The Internet world became a much more wired place last week, when
Metricom's Ricochet wireless Internet
network was yanked off life support. With community support, however, there
might be a way for the Ricochet userbase to keep using its wireless modems even
if the planned auction doesn't restore commercial service.About the only thing for certain in this scenario is that Ricochet as we
know it is dead and gone. The few remaining Metricom staff are busy
shutting down the servers and links to the outside world, and their task
should be completed by August 8. It's unlikely that we'll
see another multi-city Ricochet network again; given that Metricom
couldn't stay afloat even when charging users as much as $80 per month for
the service, it's hard to expect another company test the waters.
Financially, Metricom's Ricochet network is a white elephant. But focus on
the technology, and a different picture develops.
Mounted on utility poles in every neighborhood once served by Ricochet are
thousands of transmitter/receiver radio units, each about the size of a
hardcover book. These pole-top radios were the last mile for Metricom's Ricochet
network, delivering Internet services to subscribers. Those radios could keep on
serving the community as a new peer-to-peer network, with the help of the Starmode Radio IP
There are a few unsupported features in Metricom's pole-top
network that allow the radios to perform useful functions, even if there's no
Ricochet or other traditional service to support. One is known as
Starmode, and it allows computers using those wireless modems from Metricom to
send packets to each other directly; essentially a wireless Ethernet LAN. Just
add in a single computer with an Internet connection as gateway for a full
Internet experience, sans wires, and the $80 per month cost that most
Ricochet members were paying.
Unless you purchased your modem in 2001, that is. Metricom programmed their
pole-top radios to ignore Starmode packet requests made from modems registered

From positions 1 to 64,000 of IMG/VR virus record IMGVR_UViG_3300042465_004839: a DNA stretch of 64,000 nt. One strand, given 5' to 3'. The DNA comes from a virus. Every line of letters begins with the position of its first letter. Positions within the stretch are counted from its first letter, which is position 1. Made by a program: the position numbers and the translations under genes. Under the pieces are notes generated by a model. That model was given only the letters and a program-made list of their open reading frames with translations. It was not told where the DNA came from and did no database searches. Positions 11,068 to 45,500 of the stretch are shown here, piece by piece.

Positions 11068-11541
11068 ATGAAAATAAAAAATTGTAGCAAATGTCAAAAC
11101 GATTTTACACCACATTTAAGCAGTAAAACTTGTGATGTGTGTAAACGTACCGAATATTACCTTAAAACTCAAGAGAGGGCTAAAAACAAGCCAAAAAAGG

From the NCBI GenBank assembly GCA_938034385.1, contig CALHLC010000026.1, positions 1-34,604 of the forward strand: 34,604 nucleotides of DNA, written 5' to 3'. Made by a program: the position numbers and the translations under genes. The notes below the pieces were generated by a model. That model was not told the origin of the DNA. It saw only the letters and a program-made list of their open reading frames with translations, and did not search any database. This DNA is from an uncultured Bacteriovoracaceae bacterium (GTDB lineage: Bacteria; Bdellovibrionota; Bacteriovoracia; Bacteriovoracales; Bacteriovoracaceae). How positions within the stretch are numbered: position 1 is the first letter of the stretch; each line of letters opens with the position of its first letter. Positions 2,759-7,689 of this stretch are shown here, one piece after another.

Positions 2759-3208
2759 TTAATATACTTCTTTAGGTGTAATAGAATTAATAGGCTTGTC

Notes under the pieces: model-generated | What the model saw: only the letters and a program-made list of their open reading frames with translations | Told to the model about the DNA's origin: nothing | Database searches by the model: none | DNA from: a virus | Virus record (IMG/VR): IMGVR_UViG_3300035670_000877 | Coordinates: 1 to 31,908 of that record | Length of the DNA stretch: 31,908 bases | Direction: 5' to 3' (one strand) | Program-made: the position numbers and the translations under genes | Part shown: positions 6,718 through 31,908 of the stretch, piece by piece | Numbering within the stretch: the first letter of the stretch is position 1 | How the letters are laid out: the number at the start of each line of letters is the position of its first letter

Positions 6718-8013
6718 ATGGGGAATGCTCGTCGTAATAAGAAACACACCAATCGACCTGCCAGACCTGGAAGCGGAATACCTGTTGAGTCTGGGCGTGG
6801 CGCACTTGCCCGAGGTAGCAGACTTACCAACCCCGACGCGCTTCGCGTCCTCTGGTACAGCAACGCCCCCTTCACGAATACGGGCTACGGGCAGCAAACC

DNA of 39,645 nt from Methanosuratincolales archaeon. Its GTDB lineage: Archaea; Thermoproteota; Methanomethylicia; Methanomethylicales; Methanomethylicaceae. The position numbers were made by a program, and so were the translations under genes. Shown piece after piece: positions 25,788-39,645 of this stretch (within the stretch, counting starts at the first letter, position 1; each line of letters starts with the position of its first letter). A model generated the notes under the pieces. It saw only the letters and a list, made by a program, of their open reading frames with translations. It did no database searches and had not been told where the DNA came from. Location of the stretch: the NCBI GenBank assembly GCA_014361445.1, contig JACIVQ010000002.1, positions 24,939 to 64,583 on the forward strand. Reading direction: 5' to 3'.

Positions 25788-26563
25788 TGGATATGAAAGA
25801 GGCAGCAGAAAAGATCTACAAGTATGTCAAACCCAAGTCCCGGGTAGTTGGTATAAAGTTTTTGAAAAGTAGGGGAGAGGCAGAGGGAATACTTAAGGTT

after December 2000. Even if your modem was purchased long before the cutoff
date, there's no guarantee that it will work under Starmode. And the type of
modem purchased -- serial or USB -- might even affect the outcome. As written on
the STRIP home page, "As far as Metricom is concerned, Starmode IP is a
university experiment, not a commercial service." Obviously, the free stuff
wasn't on the company's short list of promoted and supported features.
STRIP was born at MosquitoNet, a project run by the Mobile Computing Group
at Stanford University. That site provides helpful information, but may not be
the most up to date with information regarding support for Metricom modems. The
last update from October 2000 points readers to a more comprehensive page written by Alex Belits
(try the cached Google copy of that page if you
have trouble accessing it directly). Belits describes how, if it's at all
possible, to make a range of Metricom-built and supported wireless modems work
At the bottom of Belits' wireless modem page, he gives "no
thanks" to the "customer support drones" at Metricom and its partner WWC for
removing peer-to-peer references in its technical documentation, and for
refusing to acknowledge network problems (that had nothing at all to do with any
client computer) simply because he used Linux.
That lends a certain irony to
knowing that Linux is one of the few -- if not the only -- operating systems
where there's sufficient Starmode community documentation and software support.
How long Metricom's orphaned pole-top wireless data broadcast network will
remain viable as a p2p platform is anyone's guess. Utility services and other
third-parties nervous about liability issues could start uninstalling the boxes
themselves if no bidder comes in to take over the network. It's also entirely
possible that the boxes will be left to live out their time before failure,
dying of old age at some future point.
Of course, it's always possible that some white knight will appear at the last
moment, and resurrect the entire wireless network.
Yeah. That'll happen. Won't it?